There aren’t really any peer-reviewed papers as such countering the “CO2-lags warming” meme, because it is precisely what you’d predict given the consensus theory of climate.

    The CO2 has to come from somewhere, right? Well, if you have warming after an ice age (google Milankovitch cycles), eventually the permafrost starts to thaw and outgasses the CO2 that was trapped there. The released CO2 intensifies and prolongs the warming. In this case, the cause of the initial warming is increased insolation due to small changes in Earth’s orbit around the Sun, and CO2 is a feedback that causes more warming.

    Like most denialist talking points, this one winds up being a bit of an own goal. Eventually, we will warm the planet sufficiently to release the CO2 now frozen in the tundra, and that will further intensify the warming, probably making it irremediable–Oops! What can I say, these guys are kinda stupid.

  7. #8 Shadowjack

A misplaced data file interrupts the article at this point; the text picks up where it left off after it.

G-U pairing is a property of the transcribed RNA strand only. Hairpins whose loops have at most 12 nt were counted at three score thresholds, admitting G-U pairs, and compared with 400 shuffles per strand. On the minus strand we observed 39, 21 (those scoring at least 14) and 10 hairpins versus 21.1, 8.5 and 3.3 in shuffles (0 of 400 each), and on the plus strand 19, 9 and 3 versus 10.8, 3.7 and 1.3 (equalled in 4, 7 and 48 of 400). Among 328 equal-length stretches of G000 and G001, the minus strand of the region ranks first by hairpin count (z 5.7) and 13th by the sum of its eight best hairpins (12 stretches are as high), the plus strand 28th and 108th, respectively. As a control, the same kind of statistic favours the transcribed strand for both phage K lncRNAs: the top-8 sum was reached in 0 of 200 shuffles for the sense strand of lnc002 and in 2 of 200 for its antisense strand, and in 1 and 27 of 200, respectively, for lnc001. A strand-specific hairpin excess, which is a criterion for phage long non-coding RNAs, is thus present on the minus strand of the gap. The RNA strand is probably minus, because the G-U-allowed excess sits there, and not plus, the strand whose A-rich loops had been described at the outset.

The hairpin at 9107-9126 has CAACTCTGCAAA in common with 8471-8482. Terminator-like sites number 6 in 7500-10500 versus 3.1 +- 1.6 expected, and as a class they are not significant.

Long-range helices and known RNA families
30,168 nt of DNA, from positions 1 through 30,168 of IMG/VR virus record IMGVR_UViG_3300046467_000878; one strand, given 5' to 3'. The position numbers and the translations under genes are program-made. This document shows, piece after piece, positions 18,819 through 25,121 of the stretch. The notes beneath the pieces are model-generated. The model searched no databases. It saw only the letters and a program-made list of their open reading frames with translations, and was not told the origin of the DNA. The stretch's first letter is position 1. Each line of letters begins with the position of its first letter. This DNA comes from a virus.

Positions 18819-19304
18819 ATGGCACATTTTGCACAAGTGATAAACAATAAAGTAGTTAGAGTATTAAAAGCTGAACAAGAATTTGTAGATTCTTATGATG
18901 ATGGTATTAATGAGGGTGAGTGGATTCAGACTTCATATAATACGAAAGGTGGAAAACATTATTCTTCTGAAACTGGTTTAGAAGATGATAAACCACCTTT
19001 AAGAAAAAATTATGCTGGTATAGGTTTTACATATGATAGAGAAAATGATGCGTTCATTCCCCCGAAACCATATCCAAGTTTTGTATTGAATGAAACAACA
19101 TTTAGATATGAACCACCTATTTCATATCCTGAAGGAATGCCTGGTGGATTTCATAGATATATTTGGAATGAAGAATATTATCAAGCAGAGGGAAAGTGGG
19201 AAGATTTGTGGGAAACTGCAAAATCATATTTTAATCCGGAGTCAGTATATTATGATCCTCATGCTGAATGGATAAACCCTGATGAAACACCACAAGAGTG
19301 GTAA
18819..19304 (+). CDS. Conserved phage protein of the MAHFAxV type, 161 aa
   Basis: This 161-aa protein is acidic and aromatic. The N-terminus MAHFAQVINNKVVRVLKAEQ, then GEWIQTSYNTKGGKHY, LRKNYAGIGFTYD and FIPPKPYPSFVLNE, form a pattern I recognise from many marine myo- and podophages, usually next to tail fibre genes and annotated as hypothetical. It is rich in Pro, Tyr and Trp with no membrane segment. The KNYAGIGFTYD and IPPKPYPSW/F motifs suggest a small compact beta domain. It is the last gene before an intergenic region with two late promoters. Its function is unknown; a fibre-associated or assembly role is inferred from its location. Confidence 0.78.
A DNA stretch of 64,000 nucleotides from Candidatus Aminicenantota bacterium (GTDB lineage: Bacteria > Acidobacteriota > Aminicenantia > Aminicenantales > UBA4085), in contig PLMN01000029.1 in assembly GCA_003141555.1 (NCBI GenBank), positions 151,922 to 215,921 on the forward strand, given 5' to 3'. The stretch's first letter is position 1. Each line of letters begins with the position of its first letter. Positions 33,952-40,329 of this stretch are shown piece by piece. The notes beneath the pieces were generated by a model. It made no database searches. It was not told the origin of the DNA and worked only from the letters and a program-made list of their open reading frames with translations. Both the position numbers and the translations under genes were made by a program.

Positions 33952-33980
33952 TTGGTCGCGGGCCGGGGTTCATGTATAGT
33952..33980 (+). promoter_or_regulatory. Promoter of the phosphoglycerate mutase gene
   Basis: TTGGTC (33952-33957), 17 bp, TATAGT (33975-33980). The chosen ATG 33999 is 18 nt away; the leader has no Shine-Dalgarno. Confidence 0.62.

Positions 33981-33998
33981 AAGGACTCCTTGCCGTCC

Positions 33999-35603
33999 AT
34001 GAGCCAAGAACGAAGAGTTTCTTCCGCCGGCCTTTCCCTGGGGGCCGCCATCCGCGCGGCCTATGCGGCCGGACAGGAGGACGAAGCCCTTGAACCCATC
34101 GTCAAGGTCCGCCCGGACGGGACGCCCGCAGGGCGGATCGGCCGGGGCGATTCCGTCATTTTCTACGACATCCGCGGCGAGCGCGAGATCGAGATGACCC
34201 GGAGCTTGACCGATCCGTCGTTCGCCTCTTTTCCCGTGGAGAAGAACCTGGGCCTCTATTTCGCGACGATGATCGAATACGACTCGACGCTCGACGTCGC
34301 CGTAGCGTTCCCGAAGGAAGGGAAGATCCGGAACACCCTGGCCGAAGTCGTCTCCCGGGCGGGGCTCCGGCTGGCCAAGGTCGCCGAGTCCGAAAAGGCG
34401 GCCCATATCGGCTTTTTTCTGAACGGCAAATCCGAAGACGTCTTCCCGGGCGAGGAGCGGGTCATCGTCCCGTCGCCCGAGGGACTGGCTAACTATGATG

December 12, 2009

    “Like most denialist talking points, this one winds up being a bit of an own goal. Eventually, we will warm the planet sufficiently to release the CO2 now frozen in the tundra, and that will further intensify the warming, probably making it irremediable–Oops! What can I say, these guys are kinda stupid.”

    CO2 may not be the nastiest GHG but frozen under the tundra there is plenty of methane, which is nasty. Plus ocean warming may release methane clathrates further exacerbating global warming.

    Thanks for your help everyone.

  8. #9 opit
    December 16, 2009

    At least I won’t have to worry about refuting intelligently made points here. I have rarely heard such concentrated drivel in the overuse and constant pounding of strawman argumentation and logical fallacies.
    The basis of any discussion is mutual respect ansd consideration. Good luck with that idea !

  9. #10 Woozle
    December 17, 2009

    @opit: I can’t tell which side of this argument you’re attacking; the few comments above yours look pretty reasonable. Could you clarify?

The site is currently under maintenance and will be back shortly. New comments have been disabled during this time, please check back soon.